A brutal event brings some uncomfortable reality

I stopped the car beneath the drizzling rain, as creaking wiper blades ploughed through the blurred images of this soggy afternoon. Next to my car, behind a market restaurant on the trunk-road to Kuching, stood parked a number of pickup trucks, the owners of which had left to find a bowl of soup, the rest room, or a cheap 'saloon' girl. On my right, at a dress shop, stood shopkeepers in front of their piles of faded clothes. No customers were in sight. Puddles of murky rainwater stained with silt shed-off from truck tyres had formed in every depression of the wobbly market road crossing.

The salesmen watched the rain clouds drifting along from the jungle and getting hooked up in hilly canopy, enveloping and painting the landscape in a gloomy gray.

“I’ll come back in a minute," said Maureen, who sat next to me. She opened the car door and rushed to the food shop to buy a plate of rice, and some dried river fish, the sort we can't find in coastal Miri. I gave her a sleepy nod and watched the boring view ahead, while the engine rumbled, the fan blew cool steam, and blurred monochromatic pictures on the screen came and went bye.

I had been sitting behind the wheel waiting for some five minutes, when I heard a screaming sound. It originated from a small sheepherder dog that tried to escape from the back of a pick-up truck parked a few yards away. My eyes followed the scene. As the dog squealed, a lad of some 20 years, armed with a metal stick, rushed out off the cabin, jumped up to the deck, and started to beat the dog.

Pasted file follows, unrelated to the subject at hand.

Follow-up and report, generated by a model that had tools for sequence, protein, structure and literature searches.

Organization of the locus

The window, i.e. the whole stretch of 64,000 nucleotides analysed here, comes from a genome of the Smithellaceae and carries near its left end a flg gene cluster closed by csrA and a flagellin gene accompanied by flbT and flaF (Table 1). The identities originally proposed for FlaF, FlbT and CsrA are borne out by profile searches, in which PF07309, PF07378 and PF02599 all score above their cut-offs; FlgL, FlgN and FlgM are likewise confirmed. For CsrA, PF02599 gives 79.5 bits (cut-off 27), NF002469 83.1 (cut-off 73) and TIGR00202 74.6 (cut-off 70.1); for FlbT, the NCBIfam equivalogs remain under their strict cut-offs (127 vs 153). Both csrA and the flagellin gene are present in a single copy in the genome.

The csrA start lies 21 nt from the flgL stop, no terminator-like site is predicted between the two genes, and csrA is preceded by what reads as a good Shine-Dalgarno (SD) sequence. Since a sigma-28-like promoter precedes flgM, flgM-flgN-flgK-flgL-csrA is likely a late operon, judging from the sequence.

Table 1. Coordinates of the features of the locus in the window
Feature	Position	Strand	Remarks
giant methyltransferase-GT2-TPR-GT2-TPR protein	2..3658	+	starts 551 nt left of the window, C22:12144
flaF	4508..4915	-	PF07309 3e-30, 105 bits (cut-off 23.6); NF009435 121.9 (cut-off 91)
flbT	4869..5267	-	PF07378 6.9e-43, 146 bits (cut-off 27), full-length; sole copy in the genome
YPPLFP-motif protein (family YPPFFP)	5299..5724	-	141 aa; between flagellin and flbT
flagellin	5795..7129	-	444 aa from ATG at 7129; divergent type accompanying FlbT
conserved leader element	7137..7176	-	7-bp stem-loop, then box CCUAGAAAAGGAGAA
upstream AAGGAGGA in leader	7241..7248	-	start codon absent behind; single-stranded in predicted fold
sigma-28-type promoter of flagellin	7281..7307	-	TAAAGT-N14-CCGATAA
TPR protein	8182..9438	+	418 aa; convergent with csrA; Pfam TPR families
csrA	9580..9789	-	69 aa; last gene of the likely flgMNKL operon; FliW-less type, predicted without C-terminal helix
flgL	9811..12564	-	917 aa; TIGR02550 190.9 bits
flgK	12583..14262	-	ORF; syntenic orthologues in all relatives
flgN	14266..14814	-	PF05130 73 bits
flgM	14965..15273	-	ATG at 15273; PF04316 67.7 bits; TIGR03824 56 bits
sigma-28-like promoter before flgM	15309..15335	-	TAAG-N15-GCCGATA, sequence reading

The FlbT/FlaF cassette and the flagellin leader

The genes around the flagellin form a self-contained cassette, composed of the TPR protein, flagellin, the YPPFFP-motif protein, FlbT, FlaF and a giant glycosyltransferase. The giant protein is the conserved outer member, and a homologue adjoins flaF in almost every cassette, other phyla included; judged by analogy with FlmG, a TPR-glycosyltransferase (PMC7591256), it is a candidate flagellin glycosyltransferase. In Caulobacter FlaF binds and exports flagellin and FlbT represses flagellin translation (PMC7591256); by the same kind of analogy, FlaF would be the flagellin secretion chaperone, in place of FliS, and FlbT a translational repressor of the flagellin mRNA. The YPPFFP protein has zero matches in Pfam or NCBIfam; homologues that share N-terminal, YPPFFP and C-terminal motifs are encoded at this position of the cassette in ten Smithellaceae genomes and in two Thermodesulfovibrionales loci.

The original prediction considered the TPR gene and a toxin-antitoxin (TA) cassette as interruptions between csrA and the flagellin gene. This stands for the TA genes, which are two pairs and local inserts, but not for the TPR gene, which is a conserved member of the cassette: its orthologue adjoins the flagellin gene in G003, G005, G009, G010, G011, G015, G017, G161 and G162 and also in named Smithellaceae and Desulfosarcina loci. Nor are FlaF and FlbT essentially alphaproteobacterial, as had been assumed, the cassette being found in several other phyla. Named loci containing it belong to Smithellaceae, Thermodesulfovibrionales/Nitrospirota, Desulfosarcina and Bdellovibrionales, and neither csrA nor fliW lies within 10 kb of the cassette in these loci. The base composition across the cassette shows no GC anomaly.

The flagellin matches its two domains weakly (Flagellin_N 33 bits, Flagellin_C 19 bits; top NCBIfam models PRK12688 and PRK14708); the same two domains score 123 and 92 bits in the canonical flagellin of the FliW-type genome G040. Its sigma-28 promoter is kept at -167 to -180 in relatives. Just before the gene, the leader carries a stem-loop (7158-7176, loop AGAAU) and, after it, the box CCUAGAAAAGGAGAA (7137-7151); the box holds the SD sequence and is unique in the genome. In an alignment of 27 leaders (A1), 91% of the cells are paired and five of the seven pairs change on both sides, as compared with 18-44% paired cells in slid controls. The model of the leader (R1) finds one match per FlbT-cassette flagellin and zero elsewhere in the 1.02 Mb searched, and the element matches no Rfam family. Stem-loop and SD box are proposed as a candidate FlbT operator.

First I though it was about punishing the animal. But as the man continued to fiercely beat on the animal, the dog wildly screaming in despair, a more sinister thought came to my mind. Some passengers had stopped, and looked at the scene, too, a bit baffled. At this moment Maureen came back from the restaurant, one hand carrying a plastic bag with food, the other hand holding a newspaper over her head, as the rain poured down stronger compared to a while ago.

I opened the window, and shouted to her: “The man is killing the dog,” half sure of what I was saying, half bewildered and incredulous about my own words.

“That’s the way the Chinese are,” she said. “They kill dogs, and if needed, people. They love to eat dog meat.”

I was shocked. I hadn't expected that particular reply. I had secretly hoped that I was wrong, that this was only an average outburst of day-to-day agression against a pet. Yet at this moment I understood, the dog was beaten to death to serve hungry customers in the food place nearby.

Having crossed a cultural borderline, I felt powerless and saddened. “Can’t we do anything, Maureen?” I asked with a low voice.

She just shook her head, and spoke with a sad voice: “We Kayans (a Borneo tribe) respect animals, in particular dogs. But we are only a small minority on our island, these days. The (Borneo) Chinese, however, kill and eat anything. The Government also wants street dogs to be killed, as by far too many populate roads and villages. What to do?”

The noise had stopped. The killer from the pick-up truck carried the dead dog to the restaurant. We drove ahead, in silence. What we had witnessed was a brutal event, a shocking intrusion of brutal reality into my idealistic and sometimes naïf world view.

In the end my mind drew a painful question. Was it really a crime to kill a dog in public, whilst other intelligent animals – horses, pigs, cows and even sheep – are systematically killed in slaughterhouses, with plain public approval and a legal license to kill? Is it really that important that animals are being killed in a "humane way", if killing itself represents the most cruel (and definitive, irreversible) action on earth?

© 2006 by Franz L Kessler